My next featured work is also of a youngster and is entitled Portrait of a Small Boy which Elwell completed in 1917. Before us we see an immaculately dressed young boy in a white suit holding his hat in his right hand and his beloved yacht in the other. His short white socks show signs of falling down towards his shiny black leather sandals. The portrait must have been a challenging task for Elwell as boys of his age are reluctant to stand still and the crumpled look of his white suit is an indication of much movement. It was so challenging that after he had completed the painting, Elwell swore that he would never paint the portrait of a child again.
As I mentioned in the first part of the Fred Elwell story, the first time he was allowed to paint live nudes was when he moved to Antwerp. One of his best works of a female nude was completed in 1935 and was simply entitled Seated Nude in Studio and can be found at the East Riding of Yorkshire Council Museum. The lady depicted in this work is seated on a stool and is depicted in graceful semi-profile. Her blue dressing gown lies besides her. In the background there is some dark furniture which contrasts with the radiant flesh tints of the lady. It is a quirky set-up as she sits before a painting on an easel as if she is the artist admiring her own work.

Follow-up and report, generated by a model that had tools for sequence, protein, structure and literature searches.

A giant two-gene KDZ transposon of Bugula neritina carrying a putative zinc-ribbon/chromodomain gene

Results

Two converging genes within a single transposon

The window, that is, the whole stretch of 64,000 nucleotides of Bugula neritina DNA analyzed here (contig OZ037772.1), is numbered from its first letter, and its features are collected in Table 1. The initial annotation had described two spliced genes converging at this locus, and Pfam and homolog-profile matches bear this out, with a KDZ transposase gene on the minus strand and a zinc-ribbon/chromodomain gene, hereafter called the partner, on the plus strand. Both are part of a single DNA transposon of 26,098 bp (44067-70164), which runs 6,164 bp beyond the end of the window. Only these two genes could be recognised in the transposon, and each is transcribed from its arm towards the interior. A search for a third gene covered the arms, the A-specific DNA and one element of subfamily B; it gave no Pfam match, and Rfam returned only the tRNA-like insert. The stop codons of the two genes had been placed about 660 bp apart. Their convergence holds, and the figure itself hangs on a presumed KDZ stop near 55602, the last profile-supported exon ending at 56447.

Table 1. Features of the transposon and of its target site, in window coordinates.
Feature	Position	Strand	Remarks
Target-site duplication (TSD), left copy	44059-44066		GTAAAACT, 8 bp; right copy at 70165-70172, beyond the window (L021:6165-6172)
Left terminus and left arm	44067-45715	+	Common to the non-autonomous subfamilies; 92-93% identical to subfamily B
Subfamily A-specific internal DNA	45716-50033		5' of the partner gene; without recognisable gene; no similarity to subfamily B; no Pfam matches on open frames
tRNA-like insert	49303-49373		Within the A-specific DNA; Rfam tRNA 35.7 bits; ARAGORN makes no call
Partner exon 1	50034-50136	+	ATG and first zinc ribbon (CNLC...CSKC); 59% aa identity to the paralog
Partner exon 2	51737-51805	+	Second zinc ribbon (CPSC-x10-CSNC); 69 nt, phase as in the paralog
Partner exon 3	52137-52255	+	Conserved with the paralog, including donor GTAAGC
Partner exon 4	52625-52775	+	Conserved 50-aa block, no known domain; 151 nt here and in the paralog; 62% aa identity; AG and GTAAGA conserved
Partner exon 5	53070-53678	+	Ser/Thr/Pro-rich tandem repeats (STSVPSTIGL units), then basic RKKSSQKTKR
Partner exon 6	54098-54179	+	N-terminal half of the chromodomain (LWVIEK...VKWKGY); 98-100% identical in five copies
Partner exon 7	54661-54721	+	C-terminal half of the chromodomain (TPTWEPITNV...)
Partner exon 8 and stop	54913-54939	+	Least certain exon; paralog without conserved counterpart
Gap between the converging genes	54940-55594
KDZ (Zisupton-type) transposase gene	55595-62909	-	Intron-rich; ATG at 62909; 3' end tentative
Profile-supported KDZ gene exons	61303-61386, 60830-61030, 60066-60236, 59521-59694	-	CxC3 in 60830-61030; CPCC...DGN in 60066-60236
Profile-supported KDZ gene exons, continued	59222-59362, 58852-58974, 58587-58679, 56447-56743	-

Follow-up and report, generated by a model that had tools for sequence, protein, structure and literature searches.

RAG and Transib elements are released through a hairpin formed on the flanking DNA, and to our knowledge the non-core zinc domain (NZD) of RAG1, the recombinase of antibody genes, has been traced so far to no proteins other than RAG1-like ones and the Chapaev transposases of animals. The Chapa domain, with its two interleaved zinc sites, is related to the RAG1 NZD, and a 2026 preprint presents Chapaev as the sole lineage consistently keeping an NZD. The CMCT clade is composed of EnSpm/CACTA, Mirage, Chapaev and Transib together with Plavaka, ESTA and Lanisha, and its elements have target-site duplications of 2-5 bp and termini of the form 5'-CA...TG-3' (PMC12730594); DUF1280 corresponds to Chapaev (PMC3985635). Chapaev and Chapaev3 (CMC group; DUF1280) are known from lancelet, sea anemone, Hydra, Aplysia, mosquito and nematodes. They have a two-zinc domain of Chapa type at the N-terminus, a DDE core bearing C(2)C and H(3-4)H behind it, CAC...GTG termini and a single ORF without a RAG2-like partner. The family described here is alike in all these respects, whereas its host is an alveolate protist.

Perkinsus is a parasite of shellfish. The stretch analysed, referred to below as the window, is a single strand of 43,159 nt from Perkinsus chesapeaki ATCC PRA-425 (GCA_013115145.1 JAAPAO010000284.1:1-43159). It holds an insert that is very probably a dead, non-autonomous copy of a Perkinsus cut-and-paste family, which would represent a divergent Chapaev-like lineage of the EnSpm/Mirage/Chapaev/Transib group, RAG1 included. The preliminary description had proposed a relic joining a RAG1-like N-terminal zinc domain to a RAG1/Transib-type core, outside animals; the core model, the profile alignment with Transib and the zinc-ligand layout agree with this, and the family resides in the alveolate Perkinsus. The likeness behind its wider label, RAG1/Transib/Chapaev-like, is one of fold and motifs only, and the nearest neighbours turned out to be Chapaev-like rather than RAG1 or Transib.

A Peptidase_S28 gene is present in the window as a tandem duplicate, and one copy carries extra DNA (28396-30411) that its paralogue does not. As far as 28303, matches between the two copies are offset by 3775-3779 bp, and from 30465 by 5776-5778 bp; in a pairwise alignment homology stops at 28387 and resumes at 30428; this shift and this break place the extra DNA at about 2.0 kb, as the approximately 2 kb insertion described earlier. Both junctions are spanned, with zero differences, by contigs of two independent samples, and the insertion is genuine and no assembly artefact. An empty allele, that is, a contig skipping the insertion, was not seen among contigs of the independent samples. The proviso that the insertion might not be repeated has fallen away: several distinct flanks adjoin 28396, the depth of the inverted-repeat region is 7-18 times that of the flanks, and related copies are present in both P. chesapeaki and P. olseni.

Another female portrait by Elwell which I really like is entitled In a Bar which he completed in 1943 and was exhibited at the Royal Academy that year. In the work we see the model sitting at the bar, cigarette in hand with a glass of gin and tonic on the bar beside her. There is an air of casual indifference about the way she poses, a somewhat challenging facial expression which challenges us to query her drinking and smoking habit. This is twenty-eight year old Muriel Fox a favourite model of Fred Elwell and believed to be the lady who posed nude for him in the previous work. Muriel was a cook at the Beverley Westwood Hospital and would often call into the Beverley Arms Hotel on her way home from work. This bar was later known as Elwell’s Bar. She was a well-known regular at this hostelry and this was “her stool”. There is great poise in her expression as she stares out at us. As was the fashion in the 1940’s her cheeks were applied with a liberal amount of rouge and her hairstyle , tightly waved, was the fashion of the day. It was rumoured that she had recently given birth to her daughter and baby and basket had been placed out of sight behind the bar.